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(Updates with closing share price in second paragraph.)
July 27 (Bloomberg) -- Sands China Ltd., the Macau casino company controlled by billionaire Sheldon Adelson, rose by a record after reporting second-quarter profit doubled.
Sands China rose 9.9 percent, the most since its debut in November 2009, to HK$23.40 at the 4 p.m. close of trading on the Hong Kong stock exchange. Net income rose to $267.4 million in the three months ended June 30 from $133.6 million a year earlier as gamblers placed more bets at its Venetian Macao and Sands Macao venues.
Chinese gamblers are betting more on high-stakes baccarat and increasing spending on hotel rooms as the company taps growing demand for slot machines to boost Macau revenue. Casino gambling revenue in Macau, already more than four times that of the Las Vegas Strip, may grow by more than 43 percent this year, according to estimates by David Bain, an analyst with Sterne, Agee & Leach.
“This report could be the catalyst we have been waiting for at both Sands China and Las Vegas Sands,” Anil Daswani, an analyst at Citigroup Inc. in Hong Kong, said in a note to clients today.
Adelson’s Las Vegas Sands Inc., which yesterday reported a rise in its own earnings, owns about 70 percent of Sands China. The Hong Kong-listed Macau unit named Edward Tracy to become chief executive officer, with Adelson remaining as chairman.
At Sands China’s Venetian casino in Macau, adjusted property earnings before interest, taxes, depreciation and amortization, or Ebitda, climbed 34 percent to $258.4 million. Ebitda at the Sands Macao rose 18 percent to $95.6 million.
The opening of HK$15.5 billion ($2 billion) Galaxy Macau near the Venetian Macao on the Chinese city’s Cotai Strip benefited the Sands-owned casino, Adelson said on a conference call. Billionaire Lui Che-woo’s Galaxy Entertainment Group Ltd., part-owned by Permira Advisers LLP, has quadrupled in market value over the past year while Sands China has almost doubled.
Adelson, whose Marina Bay Sands is one of only two casinos in Singapore, predicted in May his company would generate more than $3 billion in cash flow this year as gambling in Asia accelerates and Las Vegas recovers.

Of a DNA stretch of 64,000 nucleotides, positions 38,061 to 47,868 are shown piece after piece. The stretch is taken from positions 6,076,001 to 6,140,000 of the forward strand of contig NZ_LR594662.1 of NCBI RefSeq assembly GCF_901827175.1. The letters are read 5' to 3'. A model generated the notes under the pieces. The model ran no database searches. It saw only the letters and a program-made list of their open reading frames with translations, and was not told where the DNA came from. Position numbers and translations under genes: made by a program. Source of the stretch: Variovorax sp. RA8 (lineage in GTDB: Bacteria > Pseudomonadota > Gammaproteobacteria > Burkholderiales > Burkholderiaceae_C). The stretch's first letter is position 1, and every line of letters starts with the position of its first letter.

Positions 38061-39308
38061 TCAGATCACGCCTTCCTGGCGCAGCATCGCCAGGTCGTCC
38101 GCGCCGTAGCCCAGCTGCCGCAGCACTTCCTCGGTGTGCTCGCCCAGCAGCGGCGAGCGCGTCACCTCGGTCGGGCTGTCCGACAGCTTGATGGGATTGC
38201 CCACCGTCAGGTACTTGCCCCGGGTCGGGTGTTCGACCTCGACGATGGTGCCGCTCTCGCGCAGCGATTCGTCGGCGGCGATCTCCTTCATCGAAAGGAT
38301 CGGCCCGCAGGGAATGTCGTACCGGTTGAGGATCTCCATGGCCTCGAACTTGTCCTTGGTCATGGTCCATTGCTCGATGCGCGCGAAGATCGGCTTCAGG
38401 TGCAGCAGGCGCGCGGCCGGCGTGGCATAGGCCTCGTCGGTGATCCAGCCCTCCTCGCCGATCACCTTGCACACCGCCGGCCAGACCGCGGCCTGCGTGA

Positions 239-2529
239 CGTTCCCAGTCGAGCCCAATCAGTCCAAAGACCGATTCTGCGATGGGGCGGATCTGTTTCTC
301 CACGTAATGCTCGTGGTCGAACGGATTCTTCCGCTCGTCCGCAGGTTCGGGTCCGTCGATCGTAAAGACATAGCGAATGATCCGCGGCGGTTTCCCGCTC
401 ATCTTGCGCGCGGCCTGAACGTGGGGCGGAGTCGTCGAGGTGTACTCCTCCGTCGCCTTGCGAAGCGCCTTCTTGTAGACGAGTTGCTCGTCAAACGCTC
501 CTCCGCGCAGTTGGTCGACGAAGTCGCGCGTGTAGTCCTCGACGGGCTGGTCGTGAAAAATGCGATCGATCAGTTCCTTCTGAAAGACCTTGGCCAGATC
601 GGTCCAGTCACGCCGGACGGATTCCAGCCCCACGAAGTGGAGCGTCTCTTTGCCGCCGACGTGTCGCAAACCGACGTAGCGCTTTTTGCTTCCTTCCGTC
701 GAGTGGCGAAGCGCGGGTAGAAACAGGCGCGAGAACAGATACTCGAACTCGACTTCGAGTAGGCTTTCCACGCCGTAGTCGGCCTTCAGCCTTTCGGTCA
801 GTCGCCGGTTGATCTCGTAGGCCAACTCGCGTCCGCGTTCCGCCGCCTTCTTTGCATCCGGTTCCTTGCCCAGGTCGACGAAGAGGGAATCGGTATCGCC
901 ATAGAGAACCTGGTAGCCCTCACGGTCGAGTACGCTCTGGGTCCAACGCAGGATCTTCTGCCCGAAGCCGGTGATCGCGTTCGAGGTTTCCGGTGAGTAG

Las Vegas Sands’ net income was $367.6 million, or 45 cents a share, compared with a loss of $4.68 million, or 1 cent, a year earlier, the Las Vegas-based company said today in a separate statement. The figures reflect preferred dividend payments. Profit excluding some items was 54 cents, more than the 44-cent average of 23 estimates.
Quarterly sales jumped 47 percent to $2.35 billion, reflecting gains from Marina Bay Sands, which opened in April 2010. Singapore cash flow was $405.4 million in the quarter.
“Singapore is now the biggest profit contributor to Las Vegas Sands,” Jon Oh, a New York-based analyst for CLSA Asia- Pacific Markets who recommends buying the stock, said in a note to clients. “While market seasonality remains unclear, we urge investors to pay less attention to quarterly volatility and instead focus on the medium-term cash-flow potential in Singapore.”
The company named George Tanasijevich chief executive officer of the Marina Bay Sands, Chief Operating Officer Mike Leven said yesterday on a conference call. Tanasijevich had been interim CEO since January. The Wall Street Journal reported his permanent role earlier yesterday.
Las Vegas Sands rose 12 cents to $46.30 in New York Stock Exchange composite trading yesterday.
Las Vegas is staging an uneven recovery from a record two- year drop in gambling and conventions. Gambling revenue on the Strip increased 5.2 percent this year through May, according to the Nevada Gaming Control Board.
Las Vegas Sands said it has enough workers to start opening its project on sites 5 and 6 of Macau’s Cotai Strip from the first quarter of next year.
The company’s Macau cash flow rose 28 percent to $391.6 million. Macau, the only place in China where casinos are legal, saw gambling revenue surge 58 percent last year and 45 percent in the six months ended June 30.
--With assistance from Frank Longid in Hong Kong. Editors: Terje Langeland, Frank Longid
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